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This smalltown LGBTQ+ group was building goodwill, until unhinged conservatives copied their act

Pam Godsoe and Kris Lyons, co-founders of Love Lives in Seekonk
Pam Godsoe and Kris Lyons, co-founders of Love Lives in Seekonk Photo: image provided by Joe Novinson

A group called Love Lives in Seekonk (LLIS) sought to educate their small Massachusetts town about LGBTQ+ issues while building support for queer youth in schools. But soon after the group formed, another resident established a similarly named group to mock them. That resident has since accused LLIS and its supporters of being pedophiles and suggested that violence awaits them if they continue their advocacy.

Some residents of Seekonk, Massachusetts (population 15,700), were angered in late March 2023 when Mildred H. Aitken Elementary School advertised its annual Boy’s Choice mother-son dance with an ad welcoming all boys, students who identify as boys, and non-binary students.

After right-wingers shared the ad’s wording on social media accounts, the school district received phone calls and online messages threatening protests and violence. One post featured a picture of a bullet and the caption “PEDOCILLIN,” a combination of the word pedophilia and the medication penicillin. The district canceled the $1,500 event hours before it was about to begin and canceled its scheduled Girl’s Choice dance that following April since its flier used similar wording about trans and non-binary students.

Upset by the cancellation, local parent Joe Novinson spoke passionately at a school board meeting, calling out the violence directed against children and the right of queer families to exist without being shot. After hearing his speech, a group of LGBTQ+ supportive parents, called Love Lives in Seekonk (LLIS), recruited Novinson to join their board. He did.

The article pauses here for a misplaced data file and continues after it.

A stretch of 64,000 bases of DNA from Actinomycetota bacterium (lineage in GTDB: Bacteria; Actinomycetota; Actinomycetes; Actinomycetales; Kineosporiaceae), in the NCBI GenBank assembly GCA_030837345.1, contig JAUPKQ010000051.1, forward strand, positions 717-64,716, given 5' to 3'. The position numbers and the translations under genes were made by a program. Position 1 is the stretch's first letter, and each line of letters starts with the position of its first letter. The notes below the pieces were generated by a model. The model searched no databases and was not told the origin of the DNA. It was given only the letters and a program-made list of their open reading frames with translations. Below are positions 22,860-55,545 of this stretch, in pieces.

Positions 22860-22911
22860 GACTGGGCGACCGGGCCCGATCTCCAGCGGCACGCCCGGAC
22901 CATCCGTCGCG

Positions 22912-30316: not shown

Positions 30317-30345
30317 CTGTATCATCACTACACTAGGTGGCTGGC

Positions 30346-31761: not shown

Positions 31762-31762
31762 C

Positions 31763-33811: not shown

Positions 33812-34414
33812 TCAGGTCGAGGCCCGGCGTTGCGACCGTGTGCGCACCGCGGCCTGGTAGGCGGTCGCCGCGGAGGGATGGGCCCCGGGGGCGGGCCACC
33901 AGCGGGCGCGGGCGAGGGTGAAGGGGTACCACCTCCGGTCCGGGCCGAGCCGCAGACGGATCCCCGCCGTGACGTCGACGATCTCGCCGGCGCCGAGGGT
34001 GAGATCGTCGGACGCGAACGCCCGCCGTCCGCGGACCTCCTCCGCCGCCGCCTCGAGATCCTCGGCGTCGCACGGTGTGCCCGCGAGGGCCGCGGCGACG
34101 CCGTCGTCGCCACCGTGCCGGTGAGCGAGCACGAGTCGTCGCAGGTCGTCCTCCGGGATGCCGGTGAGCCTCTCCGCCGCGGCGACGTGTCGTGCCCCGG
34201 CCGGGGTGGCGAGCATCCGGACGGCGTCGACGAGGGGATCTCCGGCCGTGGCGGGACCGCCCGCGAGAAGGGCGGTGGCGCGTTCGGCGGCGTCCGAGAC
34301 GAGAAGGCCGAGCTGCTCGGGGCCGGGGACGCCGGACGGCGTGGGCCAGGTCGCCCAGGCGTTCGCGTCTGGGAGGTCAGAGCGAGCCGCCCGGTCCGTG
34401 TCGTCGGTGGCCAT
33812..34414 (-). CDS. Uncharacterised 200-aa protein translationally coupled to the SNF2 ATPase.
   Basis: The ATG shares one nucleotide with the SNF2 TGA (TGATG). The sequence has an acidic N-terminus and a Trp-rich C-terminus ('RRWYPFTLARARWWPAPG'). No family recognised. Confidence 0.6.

The group, started by local parent Kris Lyons and Pam Godsoe, decided to help raise the $1,500 that the school’s parent-teacher organization (PTO) lost by canceling the dance. So they began selling yard signs and bumper stickers colored like the progress Pride flag with the group’s name printed on them. The group raised nearly the full amount by April 11, 2023 and presented the amount to the PTO in an oversized check.

As the group’s membership grew, it pledged to hold community and educational events for LGBTQ+ youth and their families. LLIS held a September event to paint rocks for the local library’s Kindness Rock Garden, a November Lovesgiving fundraiser, and a February 2024 trivia night. The group, which became a non-profit in August 2023, donated $300 to Seekonk High School’s gay-straight alliance. LLIS also uses its Facebook page to educate residents about LGBTQ+ issues like pronouns, banned books, trans athletes, anti-LGBTQ+ discrimination, coming out, queer crisis hotlines, and other topics.

“[The events were] really just about bringing the community together,” Novinson told LGBTQ Nation. “There was a lot of pushback initially to our group and people accused us of being online only, that we didn’t have much more than a digital footprint. So we wanted to counter that by holding events in real life. And we’re making our presence here felt, and we’re telling [those who disapproved of us that] we’re not going anywhere.”